By Lois Siegel
I wrote film reviews for the Glebe Report for 17 years. It was a great run. As a filmmaker, I love seeing films that other people make and meeting those who make them. I was lucky to be able to do this for decades, either working on my own films or viewing films at the Montreal World Film Festival and other festivals.
Of course, there are some films I liked best. Here are some of my favourites.
War of the Worlds, the original 1953 version of the invasion from Mars, by Byron Haskin.
Soldier Girls, a 1981 documentary by Nick Broomfield and Joan Churchill about women training in the U.S. army. Nick came to my house in Montreal in 1986 where I interviewed him for Radio Centreville. In the middle of the interview, the power went out. I remember sitting in the dark talking to him. This gave me time to get to know him better. His film Lily Tomlin was playing at Cinema 5 at the time. Eventually, the power came back on.
Polyester, a 1981 comedy by John Waters, starring Divine, Tab Hunter, Edith Massey and Mink Stole. A middle-class satire with “odorama” scratch and sniff cards.
Taking Off, a 1971 American comedy by Czech filmmaker Milos Forman. A funny look at American lifestyles from the point of view of two generations in New York City.
Norman Jewison Filmmaker, a 1971 documentary by Douglas Jackson. Behind the scenes as Jewison directs the feature film Fiddler on the Roof.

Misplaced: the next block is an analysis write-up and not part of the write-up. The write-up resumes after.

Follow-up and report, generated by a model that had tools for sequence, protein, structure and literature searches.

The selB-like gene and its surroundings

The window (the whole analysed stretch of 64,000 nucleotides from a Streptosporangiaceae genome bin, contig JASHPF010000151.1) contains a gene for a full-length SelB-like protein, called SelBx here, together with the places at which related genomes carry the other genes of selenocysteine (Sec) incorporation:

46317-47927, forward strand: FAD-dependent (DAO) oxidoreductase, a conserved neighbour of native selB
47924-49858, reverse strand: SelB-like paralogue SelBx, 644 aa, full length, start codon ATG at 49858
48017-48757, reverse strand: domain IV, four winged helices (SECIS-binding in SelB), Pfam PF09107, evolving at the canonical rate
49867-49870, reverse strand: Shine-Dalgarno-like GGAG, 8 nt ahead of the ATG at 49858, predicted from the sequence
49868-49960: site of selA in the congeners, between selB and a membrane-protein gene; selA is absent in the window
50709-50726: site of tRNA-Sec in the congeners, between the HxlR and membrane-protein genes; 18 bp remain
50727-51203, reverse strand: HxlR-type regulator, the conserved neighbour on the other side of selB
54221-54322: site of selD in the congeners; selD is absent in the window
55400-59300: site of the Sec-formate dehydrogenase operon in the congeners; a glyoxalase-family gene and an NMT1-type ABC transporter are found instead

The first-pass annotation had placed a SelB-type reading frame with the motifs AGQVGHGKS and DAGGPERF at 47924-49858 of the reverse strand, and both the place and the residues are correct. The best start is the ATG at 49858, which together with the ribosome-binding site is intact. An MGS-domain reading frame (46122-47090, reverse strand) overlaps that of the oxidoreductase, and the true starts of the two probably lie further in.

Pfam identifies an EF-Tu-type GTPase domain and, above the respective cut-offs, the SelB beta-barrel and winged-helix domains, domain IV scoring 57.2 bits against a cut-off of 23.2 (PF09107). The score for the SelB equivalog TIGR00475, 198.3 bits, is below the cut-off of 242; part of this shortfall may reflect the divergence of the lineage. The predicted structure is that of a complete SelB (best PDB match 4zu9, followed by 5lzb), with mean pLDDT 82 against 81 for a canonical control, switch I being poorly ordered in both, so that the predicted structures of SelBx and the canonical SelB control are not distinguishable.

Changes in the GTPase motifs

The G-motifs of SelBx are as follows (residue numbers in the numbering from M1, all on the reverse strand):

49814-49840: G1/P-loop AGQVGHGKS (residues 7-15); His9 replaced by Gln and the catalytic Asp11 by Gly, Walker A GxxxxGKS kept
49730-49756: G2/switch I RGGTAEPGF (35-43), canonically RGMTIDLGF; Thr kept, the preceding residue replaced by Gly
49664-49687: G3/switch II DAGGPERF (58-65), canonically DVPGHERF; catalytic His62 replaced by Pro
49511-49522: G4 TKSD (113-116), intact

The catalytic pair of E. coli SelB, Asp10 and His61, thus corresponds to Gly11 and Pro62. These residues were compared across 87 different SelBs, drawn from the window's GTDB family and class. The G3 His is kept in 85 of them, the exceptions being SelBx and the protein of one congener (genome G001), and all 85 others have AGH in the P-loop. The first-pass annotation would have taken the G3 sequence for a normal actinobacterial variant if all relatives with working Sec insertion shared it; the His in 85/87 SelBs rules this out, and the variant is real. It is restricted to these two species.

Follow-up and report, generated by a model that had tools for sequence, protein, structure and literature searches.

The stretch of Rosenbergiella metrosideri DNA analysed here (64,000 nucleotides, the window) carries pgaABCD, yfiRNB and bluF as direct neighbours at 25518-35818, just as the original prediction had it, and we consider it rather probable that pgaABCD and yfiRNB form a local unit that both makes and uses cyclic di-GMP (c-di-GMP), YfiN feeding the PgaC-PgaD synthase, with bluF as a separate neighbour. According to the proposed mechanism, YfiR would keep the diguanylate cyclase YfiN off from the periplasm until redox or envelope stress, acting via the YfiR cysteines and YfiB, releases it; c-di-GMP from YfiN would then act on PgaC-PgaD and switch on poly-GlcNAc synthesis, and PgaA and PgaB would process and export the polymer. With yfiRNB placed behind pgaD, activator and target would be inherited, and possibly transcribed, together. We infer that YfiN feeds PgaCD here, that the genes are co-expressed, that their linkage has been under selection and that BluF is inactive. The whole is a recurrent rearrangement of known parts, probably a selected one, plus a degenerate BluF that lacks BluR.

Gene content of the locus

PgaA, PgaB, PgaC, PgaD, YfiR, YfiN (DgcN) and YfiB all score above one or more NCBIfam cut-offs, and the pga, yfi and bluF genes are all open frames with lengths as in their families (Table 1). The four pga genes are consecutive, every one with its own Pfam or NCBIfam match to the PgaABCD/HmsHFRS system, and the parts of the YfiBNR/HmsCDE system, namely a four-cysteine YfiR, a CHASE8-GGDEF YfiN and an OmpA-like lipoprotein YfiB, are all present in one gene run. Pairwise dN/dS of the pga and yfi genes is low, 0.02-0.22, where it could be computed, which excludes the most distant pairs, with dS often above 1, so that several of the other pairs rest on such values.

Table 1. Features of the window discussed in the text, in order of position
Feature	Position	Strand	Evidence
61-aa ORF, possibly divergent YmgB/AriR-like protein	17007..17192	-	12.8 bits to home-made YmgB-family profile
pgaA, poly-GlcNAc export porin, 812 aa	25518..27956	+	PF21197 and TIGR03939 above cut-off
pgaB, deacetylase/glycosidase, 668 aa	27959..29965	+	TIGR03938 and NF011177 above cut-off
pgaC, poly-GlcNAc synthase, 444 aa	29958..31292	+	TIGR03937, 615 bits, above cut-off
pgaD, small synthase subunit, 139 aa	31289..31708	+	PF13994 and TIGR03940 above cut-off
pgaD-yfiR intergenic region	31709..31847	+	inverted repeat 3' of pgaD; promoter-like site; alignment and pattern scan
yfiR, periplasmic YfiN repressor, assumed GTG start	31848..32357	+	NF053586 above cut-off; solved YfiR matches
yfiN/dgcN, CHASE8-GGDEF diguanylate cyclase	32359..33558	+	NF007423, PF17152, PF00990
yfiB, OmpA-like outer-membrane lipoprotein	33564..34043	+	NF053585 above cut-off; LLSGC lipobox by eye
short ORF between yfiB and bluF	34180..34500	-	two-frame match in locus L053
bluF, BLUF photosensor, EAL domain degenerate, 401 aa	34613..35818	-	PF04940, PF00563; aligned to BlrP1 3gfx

Hurt Penguins, a 1992 film by Robert Bergman about devious methods to finance a band.
Smile, 1975, by Michael Ritchie starring Bruce Dern, a comedy about a high school beauty pageant in Santa Rosa, California.
Freaks, 1932, by Tod Browning. A circus sideshow featuring a trapeze artist, a midget and other “deformed” friends.
Friedkin Uncut, 2018, by Francesco Zippel. A documentary about the life and career of William Friedkin, known for his films The Exorcist and The French Connection. I first met Friedkin in 1972 at an American Film Institute film school in Kent, Connecticut. I was working on a scholarship as a photographer. Friedkin was one of the presenters, showing outs from his film The French Connection. Sitting in front, I started photographing him. He grabbed my camera and started taking photos of me – that was Friedkin.
In 1986, he was shooting Cat Squad, a TV movie in Montreal. I called the film company and asked if I could photograph him and reminded them that I had met him once before. He agreed to let me photograph him in Old Montreal. Of course, he directed. I did a series of photos of him, and he bought multiple copies of all the photos I took.
I also worked on hundreds of films over the years.
Back in 1976, I was second assistant camera and a stills photographer for the National Film Board’s The Mad Canadian, featuring Canada’s most notorious stuntman, Ken Carter. Over the years, I played various roles including photographer, production assistant, apprentice editor or casting director on many NFB films such as Happiness is Loving Your Teacher, 1976; Back Alley Blue, 1976: Hold the Ketchup, 1977; The King Chronicle: Mackenzie King, 1987, for which I cast look-alikes for Hitler, Rudolph Hess and Rockefeller; Train of Dreams, 1987; and Welcome to Canada, 1988. I played similar roles over the years on many films by other production companies including the CBC.
I have also been location manager, director, co-writer and even a performer. In Fatman, 2020, I played a background role that had me driving my car in one scene; in The Plan for Christmas, I played a musician; and in A Charity Christmas, I played a photographer.
Lois Siegel is a filmmaker, photographer, writer, professor, musician and artist’s agent. She has reviewed films for the Glebe Report for 17 years.